2. With most diagnoses there are differential diagnoses and co-morbid conditions that you need to consider. Discuss differential diagnoses and co-morbid conditions that exist with your primary diagnosis by answering Parts 1, 2, and 3.

a. Part 1: For your primary diagnosis that you gave in question #1, list the common differential diagnoses and co-morbid conditions.

b. Part 2: Next, take one of the differential diagnoses listed in Part 1, and explain how you would make a differential diagnosis between your primary diagnosis and that particular differential diagnosis. Next, apply it to Randall’s case. In other words you are going to explain why Randall has the primary diagnosis that you gave him and not the common differential diagnosis. For example, if you gave Randall the primary diagnosis of schizophrenia (he doesn’t have schizophrenia), you would need to list autism as a common differential diagnosis, and then explain how you would make a differential diagnosis between schizophrenia and autism. What key characteristic do you look for to indicate that Randall has schizophrenia and not autism? If there is additional information that you would like to have to help you make a differential diagnosis, you may discuss this here.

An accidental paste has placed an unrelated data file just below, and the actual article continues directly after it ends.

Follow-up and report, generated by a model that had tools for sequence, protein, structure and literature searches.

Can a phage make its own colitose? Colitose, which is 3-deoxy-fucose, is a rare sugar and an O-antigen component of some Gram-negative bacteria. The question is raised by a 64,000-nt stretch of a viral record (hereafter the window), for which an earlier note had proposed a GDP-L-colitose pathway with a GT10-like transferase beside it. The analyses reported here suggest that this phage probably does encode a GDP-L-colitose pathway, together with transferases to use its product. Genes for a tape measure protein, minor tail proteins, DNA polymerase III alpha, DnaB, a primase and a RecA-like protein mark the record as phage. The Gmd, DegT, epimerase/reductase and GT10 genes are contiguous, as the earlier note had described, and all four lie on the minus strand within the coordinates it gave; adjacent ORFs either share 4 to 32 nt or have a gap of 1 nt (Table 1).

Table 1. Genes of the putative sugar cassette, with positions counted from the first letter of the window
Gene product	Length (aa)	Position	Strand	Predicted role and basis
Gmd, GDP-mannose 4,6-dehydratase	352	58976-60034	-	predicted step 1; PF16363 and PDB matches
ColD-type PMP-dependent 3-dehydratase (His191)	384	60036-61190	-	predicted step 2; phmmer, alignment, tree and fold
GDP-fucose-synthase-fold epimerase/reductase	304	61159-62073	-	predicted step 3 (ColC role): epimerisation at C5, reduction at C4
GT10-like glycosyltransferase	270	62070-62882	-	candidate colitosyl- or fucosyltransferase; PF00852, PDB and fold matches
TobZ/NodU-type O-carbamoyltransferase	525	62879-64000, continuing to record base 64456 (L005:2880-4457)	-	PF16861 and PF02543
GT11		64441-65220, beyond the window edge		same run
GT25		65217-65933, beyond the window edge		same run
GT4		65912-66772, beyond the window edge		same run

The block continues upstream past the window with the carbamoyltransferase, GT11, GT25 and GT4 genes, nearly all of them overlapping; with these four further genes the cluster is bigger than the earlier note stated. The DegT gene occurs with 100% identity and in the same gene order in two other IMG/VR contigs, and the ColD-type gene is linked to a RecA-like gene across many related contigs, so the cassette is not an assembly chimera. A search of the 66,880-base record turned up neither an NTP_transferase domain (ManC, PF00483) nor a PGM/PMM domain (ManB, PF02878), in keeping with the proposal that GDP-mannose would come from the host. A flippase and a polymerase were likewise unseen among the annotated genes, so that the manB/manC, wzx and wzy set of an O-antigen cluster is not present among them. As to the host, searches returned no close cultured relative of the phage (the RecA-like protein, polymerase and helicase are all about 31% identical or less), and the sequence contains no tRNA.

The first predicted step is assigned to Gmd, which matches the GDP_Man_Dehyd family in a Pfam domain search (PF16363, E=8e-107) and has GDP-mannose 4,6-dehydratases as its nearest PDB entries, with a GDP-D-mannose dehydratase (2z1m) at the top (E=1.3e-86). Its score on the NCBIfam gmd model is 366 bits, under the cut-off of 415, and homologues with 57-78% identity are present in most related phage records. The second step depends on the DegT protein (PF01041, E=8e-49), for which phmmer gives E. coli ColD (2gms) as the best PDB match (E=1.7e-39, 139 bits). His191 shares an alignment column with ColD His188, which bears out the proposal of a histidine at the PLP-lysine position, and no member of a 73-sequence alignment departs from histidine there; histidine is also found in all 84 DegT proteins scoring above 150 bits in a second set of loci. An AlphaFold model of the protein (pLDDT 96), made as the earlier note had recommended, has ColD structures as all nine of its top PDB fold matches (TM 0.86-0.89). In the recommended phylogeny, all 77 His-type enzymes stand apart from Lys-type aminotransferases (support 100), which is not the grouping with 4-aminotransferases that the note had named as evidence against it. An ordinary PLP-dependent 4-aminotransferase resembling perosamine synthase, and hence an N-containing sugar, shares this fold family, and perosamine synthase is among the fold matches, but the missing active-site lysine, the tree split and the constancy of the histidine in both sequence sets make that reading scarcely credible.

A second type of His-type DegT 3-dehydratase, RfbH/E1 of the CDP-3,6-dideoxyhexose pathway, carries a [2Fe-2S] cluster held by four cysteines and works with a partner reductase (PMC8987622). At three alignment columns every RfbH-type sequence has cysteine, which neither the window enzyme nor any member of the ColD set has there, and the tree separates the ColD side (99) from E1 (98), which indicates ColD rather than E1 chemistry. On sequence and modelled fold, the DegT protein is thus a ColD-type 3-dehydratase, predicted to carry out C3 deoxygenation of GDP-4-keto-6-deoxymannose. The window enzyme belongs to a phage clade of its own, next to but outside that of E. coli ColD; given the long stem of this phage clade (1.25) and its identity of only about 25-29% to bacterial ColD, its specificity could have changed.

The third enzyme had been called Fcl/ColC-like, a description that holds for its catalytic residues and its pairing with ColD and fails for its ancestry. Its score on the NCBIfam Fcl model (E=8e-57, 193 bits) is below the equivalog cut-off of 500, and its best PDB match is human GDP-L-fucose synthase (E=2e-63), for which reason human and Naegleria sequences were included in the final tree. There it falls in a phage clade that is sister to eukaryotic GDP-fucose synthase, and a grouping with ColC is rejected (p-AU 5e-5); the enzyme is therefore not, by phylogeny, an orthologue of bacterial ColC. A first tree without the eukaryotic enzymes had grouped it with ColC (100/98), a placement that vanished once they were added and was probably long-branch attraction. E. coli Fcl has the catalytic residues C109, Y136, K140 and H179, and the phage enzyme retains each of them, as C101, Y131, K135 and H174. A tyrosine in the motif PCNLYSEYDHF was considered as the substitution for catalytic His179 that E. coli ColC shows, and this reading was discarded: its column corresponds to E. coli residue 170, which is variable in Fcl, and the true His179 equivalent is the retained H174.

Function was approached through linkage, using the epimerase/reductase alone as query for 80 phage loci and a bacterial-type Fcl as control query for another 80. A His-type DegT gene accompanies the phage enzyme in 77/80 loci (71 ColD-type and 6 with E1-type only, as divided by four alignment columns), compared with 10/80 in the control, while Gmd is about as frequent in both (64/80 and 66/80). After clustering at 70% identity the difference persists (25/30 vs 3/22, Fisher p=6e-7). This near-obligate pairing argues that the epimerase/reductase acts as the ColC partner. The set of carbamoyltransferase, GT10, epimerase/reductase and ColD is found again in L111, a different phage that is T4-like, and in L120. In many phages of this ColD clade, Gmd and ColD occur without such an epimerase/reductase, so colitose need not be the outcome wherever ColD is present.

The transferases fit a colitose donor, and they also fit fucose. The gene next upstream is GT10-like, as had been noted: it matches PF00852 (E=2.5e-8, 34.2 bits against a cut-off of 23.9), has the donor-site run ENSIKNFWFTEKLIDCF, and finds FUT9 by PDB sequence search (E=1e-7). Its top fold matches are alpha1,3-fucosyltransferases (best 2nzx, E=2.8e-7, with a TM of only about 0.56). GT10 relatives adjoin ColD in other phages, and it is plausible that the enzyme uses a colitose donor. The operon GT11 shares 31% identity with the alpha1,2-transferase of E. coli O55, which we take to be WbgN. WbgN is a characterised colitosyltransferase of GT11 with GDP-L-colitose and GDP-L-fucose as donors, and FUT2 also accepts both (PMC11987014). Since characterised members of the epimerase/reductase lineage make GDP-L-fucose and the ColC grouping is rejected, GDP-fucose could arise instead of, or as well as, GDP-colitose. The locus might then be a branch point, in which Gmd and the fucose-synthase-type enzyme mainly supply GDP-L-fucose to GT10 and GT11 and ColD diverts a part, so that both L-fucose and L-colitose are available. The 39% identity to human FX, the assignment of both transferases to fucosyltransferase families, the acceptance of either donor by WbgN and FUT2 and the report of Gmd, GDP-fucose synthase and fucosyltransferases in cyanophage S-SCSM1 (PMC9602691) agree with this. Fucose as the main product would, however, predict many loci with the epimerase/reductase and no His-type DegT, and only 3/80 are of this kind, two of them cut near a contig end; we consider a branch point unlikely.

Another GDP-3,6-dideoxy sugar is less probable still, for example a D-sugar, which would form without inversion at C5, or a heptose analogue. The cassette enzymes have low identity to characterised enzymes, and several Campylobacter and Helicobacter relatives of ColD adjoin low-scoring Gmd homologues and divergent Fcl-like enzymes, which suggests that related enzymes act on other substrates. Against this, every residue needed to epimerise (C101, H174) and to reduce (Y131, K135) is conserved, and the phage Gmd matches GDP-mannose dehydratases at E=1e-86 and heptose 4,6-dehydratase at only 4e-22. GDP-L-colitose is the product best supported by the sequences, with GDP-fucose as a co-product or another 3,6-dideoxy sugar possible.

c. Part 3: Take one of the common co-morbid conditions listed in part 1, and discuss whether or not Randall also has this common co-morbid condition in addition to his primary diagnosis. Explain why you think he also has this additional diagnosis by listing the specific symptoms that Randall displays or explain why he does not have this additional diagnosis by discussing what symptoms he does not display. If there is additional information that you would like to have to be able to say that he has another diagnosis, you may discuss this here. (10 points)